So now the old guard of the big tech companies have announced their intention to join the new world of blockchain and cryptocurrency. It was only ever a matter of time. But what does this mean for Bitcoin, and the wider blockchain space?
There is a huge amount to unpack from the white paper, so I’m not able to breakdown the whole lot, but my view today is that through Libra and Facebook, the words “blockchain” and “cryptocurrency” will start to become more trusted and a more comfortable lexicon for those not currently anywhere near this space – this is a good thing overall for the industry…
First let’s get clear on the distinctions between Libra and Bitcoin; Bitcoin is generally viewed as a future store of value, as today it is not a cheap, fast or effective way to send small amounts of money (until a solid layer 2 solution can be implemented at scale), but with a finite supply and a pre-programmed flow of new coins, it’s a deflationary currency – something we’ve not had for a long time. So potentially Bitcoin is good as an investment asset/product, but not really as a medium of exchange or a unit of account.
Libra, on the other hand, will be pegged to a basket of government-issued currencies (and bonds?) and will be relatively stable in value, by comparison, meaning that it is still impacted by inflationary pressures inherent to those currencies.
Although purists won’t view Libra as either blockchain or a real cryptocurrency, it definitely has aspects of both. Libra should be viewed as digital money, easily purchased and transacted with, but not a very good store of value (SoV) unless you are in a country suffering from hyperinflation.
Libra will benefit from being accessible through Facebook Messenger and WhatsApp and their two billion daily active users. Facebook Messenger and WhatsApp will drive consumer adoption of Libra and when enough consumers have Libra, merchants will follow. Facebook will create both sides of the ecosystem through its sheer size. With a large base of consumers and merchants as its engine, Libra can deliver frictionless payments to friends, family and businesses across (almost) all borders at speed with no transaction costs.
Facebook has managed to bring in some of the biggest brands and companies into the Libra foundation including Visa, Mastercard, Uber and PayPal as well as some big players in the venture capital space. Each member of the foundation pays $10million. The money is used to support the underlying basis for the Libra coin value. Additionally, members of the foundation run the computers (nodes) of the Libra blockchain creating the basis for distributed ledger and decentralised control.
This raises questions – and eyebrows – about what those companies might then do with the sensitive financial data they may now be privy to? Facebook has already had to weather the storm of negative press and congressional hearings around how they use data, and whether the public will trust them not to utilise that data for ad targeting – they’ve said they won’t, but the key word is “trust”.
No doubt, Libra’s biggest obstacle to success will be governments around the world, their central banks, and the regulators who want to ensure consumers are protected, and no unfair advantages are given to any entities. It was only a few weeks ago that we saw the SEC move on Kik and their token Kin. Kik promotes the Kin token as a utility, whilst the SEC put forward their interpretation that the Kin token is a security. They believe the Kin token was purchased with a view that investors could hold and make a profit. Unsurprisingly, Kik have come out fighting (they didn’t have much choice though really).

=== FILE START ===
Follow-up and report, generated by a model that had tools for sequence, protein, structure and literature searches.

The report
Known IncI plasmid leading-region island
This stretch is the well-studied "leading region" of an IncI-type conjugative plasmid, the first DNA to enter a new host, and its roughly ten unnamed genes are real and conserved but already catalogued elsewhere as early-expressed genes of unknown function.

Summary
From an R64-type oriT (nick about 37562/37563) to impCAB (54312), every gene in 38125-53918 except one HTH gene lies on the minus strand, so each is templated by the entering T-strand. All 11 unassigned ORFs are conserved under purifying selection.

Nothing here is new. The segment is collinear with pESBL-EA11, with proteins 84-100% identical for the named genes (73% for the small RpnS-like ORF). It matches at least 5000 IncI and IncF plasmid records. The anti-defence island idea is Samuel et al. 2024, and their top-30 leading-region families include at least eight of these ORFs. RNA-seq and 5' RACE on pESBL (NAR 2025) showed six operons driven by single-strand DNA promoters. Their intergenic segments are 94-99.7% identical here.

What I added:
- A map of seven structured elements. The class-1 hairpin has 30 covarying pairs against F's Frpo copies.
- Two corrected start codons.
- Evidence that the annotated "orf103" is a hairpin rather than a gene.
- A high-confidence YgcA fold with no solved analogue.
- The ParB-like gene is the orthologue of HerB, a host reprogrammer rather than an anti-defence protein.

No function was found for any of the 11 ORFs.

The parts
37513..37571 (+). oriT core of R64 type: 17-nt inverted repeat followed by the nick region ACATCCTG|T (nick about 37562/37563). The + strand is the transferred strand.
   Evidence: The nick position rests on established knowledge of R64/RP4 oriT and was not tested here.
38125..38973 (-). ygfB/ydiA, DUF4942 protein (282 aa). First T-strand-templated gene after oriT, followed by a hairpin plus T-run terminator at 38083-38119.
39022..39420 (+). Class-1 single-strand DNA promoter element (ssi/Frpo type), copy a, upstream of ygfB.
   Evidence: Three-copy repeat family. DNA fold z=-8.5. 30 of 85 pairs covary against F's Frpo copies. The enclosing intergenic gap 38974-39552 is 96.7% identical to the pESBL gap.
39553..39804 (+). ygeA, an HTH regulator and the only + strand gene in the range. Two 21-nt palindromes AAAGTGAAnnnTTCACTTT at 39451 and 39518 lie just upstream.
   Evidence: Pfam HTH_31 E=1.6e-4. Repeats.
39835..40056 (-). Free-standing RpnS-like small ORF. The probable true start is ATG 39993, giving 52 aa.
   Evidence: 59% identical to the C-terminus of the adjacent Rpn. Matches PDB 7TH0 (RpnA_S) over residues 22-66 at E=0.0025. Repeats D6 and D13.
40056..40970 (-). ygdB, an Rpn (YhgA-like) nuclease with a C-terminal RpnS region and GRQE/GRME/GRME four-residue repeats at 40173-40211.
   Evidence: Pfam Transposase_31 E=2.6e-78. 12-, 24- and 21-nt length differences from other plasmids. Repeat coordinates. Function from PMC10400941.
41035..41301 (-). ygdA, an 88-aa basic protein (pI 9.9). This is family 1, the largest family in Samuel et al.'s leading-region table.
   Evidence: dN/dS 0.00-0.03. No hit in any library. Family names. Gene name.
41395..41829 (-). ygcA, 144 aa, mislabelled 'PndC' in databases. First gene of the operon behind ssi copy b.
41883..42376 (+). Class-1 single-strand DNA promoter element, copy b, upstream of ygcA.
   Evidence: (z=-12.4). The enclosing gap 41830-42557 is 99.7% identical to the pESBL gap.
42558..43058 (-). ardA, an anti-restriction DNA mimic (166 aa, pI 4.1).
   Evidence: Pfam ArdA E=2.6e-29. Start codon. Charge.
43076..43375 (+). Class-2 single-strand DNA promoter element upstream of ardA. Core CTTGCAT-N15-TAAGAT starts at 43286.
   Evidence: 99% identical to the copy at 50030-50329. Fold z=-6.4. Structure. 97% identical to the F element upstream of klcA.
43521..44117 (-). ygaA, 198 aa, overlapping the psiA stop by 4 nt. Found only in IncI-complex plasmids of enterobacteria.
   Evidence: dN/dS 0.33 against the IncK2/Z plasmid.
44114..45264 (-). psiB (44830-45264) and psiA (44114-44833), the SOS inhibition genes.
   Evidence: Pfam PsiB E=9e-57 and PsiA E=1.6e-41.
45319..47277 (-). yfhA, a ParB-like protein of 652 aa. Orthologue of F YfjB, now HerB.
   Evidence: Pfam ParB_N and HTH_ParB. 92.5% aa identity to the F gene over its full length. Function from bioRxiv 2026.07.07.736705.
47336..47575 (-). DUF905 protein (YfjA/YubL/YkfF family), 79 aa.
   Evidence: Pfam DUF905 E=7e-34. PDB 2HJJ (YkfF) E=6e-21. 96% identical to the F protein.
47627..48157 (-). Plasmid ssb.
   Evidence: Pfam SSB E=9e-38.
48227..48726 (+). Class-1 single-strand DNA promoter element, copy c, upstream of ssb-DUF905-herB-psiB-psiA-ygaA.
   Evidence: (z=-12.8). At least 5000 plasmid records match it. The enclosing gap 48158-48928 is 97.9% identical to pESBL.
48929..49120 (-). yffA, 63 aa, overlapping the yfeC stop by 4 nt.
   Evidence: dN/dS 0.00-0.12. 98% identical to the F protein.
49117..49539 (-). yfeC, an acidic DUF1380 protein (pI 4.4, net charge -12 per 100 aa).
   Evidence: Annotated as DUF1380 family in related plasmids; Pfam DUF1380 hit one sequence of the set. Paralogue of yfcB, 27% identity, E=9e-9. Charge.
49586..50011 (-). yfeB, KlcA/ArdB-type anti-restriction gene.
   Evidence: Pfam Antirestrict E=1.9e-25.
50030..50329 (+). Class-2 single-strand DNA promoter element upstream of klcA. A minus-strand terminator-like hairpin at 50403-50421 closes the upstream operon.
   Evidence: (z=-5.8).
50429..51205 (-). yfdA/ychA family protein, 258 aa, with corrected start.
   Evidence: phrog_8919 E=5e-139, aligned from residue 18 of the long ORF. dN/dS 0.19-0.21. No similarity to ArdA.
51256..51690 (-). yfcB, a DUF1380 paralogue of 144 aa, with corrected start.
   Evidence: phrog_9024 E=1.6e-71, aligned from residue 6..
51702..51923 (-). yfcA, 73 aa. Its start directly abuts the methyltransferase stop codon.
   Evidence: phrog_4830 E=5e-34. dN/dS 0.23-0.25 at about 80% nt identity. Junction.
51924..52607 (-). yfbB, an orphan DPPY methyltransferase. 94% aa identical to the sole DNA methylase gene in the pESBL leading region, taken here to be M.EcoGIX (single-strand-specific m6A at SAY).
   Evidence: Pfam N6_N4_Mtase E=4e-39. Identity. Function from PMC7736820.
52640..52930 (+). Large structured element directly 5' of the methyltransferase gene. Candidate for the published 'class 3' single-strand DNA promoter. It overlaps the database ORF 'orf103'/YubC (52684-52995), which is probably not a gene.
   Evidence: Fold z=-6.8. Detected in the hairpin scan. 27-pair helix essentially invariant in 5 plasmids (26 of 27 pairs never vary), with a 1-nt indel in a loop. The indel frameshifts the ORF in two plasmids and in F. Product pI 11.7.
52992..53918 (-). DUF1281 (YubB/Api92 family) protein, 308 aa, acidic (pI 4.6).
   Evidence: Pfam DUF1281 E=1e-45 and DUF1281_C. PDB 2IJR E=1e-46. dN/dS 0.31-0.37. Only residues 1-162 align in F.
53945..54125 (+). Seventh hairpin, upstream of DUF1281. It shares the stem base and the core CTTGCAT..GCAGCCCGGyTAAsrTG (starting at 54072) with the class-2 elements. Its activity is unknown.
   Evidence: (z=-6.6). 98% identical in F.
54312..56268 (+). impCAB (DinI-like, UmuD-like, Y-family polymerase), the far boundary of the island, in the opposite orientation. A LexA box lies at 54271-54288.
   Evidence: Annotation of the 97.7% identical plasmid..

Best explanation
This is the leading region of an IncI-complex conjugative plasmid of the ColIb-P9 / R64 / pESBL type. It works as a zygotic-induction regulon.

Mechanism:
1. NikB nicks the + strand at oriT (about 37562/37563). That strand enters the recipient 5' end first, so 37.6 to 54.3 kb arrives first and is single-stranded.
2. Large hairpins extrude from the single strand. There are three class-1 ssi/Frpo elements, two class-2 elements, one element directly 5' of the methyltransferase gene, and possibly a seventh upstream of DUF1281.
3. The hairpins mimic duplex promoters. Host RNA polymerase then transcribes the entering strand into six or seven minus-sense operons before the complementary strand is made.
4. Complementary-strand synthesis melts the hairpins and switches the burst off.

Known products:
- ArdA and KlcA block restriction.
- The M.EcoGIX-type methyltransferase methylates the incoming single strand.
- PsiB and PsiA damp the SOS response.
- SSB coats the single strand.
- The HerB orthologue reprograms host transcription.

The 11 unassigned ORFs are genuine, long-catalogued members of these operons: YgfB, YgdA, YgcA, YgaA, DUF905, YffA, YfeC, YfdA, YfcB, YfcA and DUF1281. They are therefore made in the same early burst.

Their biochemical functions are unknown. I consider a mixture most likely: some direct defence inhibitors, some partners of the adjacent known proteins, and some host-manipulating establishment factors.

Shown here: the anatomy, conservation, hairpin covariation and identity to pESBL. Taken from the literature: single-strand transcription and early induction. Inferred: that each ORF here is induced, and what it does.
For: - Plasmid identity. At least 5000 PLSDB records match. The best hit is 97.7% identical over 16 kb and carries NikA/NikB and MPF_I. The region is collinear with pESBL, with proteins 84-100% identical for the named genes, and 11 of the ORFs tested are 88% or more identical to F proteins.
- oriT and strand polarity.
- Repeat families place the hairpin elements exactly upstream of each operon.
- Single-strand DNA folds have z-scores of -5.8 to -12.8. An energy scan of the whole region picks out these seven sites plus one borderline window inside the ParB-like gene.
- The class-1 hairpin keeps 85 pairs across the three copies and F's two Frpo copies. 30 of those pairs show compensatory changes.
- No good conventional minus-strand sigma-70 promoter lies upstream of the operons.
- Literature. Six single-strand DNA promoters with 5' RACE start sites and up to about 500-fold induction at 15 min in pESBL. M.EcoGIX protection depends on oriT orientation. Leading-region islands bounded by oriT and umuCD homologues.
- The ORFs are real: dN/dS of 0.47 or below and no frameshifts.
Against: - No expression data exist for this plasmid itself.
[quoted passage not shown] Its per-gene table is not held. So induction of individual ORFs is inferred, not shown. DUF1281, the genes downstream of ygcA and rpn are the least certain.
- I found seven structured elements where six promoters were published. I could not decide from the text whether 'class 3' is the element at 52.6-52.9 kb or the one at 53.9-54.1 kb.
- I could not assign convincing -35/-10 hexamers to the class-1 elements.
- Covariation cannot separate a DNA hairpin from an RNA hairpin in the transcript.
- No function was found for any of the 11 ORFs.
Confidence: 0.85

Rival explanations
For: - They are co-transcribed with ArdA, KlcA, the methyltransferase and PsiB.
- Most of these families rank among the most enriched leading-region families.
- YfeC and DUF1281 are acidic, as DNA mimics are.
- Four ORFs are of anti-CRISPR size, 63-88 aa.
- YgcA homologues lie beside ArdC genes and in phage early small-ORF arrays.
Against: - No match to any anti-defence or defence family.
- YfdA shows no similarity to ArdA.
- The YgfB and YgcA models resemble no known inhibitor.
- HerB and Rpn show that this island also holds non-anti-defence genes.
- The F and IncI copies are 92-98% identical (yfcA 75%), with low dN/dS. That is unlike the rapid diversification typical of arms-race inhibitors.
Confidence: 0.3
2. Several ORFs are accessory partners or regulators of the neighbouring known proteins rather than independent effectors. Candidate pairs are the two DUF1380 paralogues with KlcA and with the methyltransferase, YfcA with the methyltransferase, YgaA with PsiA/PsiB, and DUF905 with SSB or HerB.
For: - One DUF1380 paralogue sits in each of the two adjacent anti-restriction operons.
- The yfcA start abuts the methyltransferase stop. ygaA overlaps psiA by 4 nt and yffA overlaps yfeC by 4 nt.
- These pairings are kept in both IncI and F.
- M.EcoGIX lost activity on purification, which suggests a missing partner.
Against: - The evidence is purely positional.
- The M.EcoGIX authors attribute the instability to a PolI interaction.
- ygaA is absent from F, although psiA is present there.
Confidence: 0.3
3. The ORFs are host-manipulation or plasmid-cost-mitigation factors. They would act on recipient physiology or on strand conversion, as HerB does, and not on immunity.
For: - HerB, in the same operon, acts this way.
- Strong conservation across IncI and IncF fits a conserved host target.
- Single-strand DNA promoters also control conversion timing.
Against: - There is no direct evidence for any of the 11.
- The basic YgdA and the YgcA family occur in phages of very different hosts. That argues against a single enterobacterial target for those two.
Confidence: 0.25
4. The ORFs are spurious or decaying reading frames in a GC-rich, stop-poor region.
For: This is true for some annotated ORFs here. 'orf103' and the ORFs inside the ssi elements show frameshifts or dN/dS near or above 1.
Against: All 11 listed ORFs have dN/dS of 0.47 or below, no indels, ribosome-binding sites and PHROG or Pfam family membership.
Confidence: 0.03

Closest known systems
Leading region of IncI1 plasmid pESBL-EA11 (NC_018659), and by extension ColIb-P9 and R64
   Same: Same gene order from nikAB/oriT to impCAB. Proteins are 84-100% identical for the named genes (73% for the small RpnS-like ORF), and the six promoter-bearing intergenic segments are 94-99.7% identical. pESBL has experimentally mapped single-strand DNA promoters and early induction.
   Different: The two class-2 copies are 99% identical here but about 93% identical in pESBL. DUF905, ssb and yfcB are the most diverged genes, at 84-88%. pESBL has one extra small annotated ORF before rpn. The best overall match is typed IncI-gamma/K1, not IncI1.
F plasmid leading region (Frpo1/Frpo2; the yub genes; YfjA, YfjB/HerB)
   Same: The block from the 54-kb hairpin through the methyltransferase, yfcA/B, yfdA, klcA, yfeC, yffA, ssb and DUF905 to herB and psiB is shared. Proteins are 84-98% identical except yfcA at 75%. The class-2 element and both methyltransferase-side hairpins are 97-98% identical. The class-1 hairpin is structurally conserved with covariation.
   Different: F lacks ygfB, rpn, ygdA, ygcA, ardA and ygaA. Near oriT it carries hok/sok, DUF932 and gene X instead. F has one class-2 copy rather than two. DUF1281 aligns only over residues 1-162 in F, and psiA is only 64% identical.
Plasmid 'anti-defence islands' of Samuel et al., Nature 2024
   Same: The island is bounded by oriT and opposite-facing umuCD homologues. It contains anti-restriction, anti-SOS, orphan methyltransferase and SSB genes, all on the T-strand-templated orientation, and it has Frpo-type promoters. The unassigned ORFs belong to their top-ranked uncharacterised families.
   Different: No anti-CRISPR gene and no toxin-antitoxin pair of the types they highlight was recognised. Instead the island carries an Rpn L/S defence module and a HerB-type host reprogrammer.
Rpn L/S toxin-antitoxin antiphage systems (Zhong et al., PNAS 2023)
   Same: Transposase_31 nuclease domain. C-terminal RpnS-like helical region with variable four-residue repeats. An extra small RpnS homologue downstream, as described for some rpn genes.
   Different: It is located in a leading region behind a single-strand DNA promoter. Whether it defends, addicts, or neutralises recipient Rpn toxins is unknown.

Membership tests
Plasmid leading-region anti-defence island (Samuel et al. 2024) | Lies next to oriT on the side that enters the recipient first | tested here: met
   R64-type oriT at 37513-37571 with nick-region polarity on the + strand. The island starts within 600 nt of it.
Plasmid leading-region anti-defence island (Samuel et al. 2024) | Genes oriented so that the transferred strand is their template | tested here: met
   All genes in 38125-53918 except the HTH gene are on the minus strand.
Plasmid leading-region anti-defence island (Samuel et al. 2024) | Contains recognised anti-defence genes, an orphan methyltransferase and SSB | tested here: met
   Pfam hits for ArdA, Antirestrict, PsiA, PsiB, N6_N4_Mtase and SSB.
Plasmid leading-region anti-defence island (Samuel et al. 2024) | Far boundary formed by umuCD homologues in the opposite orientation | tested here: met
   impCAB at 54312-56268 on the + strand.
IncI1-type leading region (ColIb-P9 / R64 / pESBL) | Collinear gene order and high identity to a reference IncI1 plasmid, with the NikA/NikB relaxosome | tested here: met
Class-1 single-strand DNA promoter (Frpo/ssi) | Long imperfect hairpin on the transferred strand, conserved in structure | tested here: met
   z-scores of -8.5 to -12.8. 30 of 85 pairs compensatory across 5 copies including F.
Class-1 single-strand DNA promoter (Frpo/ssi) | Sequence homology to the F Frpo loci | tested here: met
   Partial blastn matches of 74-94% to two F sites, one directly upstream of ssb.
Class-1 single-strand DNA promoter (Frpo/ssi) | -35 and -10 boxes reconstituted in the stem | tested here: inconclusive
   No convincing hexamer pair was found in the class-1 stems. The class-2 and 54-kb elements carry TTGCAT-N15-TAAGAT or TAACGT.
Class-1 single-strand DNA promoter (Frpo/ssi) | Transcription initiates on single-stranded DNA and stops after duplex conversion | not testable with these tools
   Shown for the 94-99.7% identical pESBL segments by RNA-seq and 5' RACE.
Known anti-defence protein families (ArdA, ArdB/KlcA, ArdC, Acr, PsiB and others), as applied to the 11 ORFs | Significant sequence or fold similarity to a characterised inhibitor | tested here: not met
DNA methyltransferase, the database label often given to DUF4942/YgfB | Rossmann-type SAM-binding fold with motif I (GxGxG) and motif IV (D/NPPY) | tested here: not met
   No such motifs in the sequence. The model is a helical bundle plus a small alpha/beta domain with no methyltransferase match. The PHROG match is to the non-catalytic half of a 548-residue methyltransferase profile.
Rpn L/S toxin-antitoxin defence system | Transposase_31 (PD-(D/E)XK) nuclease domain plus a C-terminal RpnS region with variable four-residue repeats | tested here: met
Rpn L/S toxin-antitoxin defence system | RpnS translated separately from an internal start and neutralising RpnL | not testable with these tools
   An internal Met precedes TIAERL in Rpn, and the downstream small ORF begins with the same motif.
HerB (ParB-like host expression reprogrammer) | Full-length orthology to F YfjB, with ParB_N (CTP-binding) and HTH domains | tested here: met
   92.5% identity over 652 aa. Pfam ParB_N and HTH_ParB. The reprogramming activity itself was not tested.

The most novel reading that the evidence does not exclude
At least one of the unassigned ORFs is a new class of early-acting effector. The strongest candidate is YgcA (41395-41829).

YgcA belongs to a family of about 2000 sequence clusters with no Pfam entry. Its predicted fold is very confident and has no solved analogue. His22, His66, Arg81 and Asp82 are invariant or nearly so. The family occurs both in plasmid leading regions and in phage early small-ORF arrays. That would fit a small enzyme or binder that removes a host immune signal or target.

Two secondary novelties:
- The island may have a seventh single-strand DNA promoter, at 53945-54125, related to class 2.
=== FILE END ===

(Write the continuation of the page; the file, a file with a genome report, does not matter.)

If the value of the Libra coin is to be based on the value of a basket of currencies, bonds and other assets, then its value will not be pegged to any single currency. This makes Libra a new unit of account when adoption and utility reach a critical mass. I really can’t see the Federal Reserve rolling over and allowing a new sovereign currency to suck value away from the dollar – effectively the global reserve currency.
Suddenly, many of the cypherpunks and crypto-anarchists will be rooting for a multi-billion dollar corporate behemoth and its corporate buddies. As the saying goes, “the enemy of my enemy is my friend” – right? It definitely looks that way today.
Libra will have a net positive effect on Bitcoin and the wider Blockchain space, just through the massive PR machine that is Facebook.
Facebook has not snatched at this play. They’ve put smart people on it, taken their time, and really considered how best to execute. Facebook knows how to execute, and they’ve seemingly done it every time (from newsfeed updates to smart acquisitions), and the one thing you know they’ll get right is a smooth user experience that your grandma can use – do not underestimate just how important this is.
Libra can only be a good thing for awareness. With Libra, Joe Public can start learning “what’s this Bitcoin thing is all about?”. Libra will also make corporates start to consider the role of consortia and decentralisation through utilising blockchain, and what issues that may solve for their respective industries.
Ultimately, only time will tell as to how successful Libra coin will be for all parties involved, but right now, I wouldn’t bet against Libra’s success. And I hope that in turn, this will drive greater understanding of Bitcoin, and society’s need for sound money.
Associate Partner Blockchain Rookies
HOW WE BROKE THE NEWS OF FACEBOOK’S LIBRA PROJECT: https://coinrivet.com/breaking-news-facebook-announces-crypto-launch/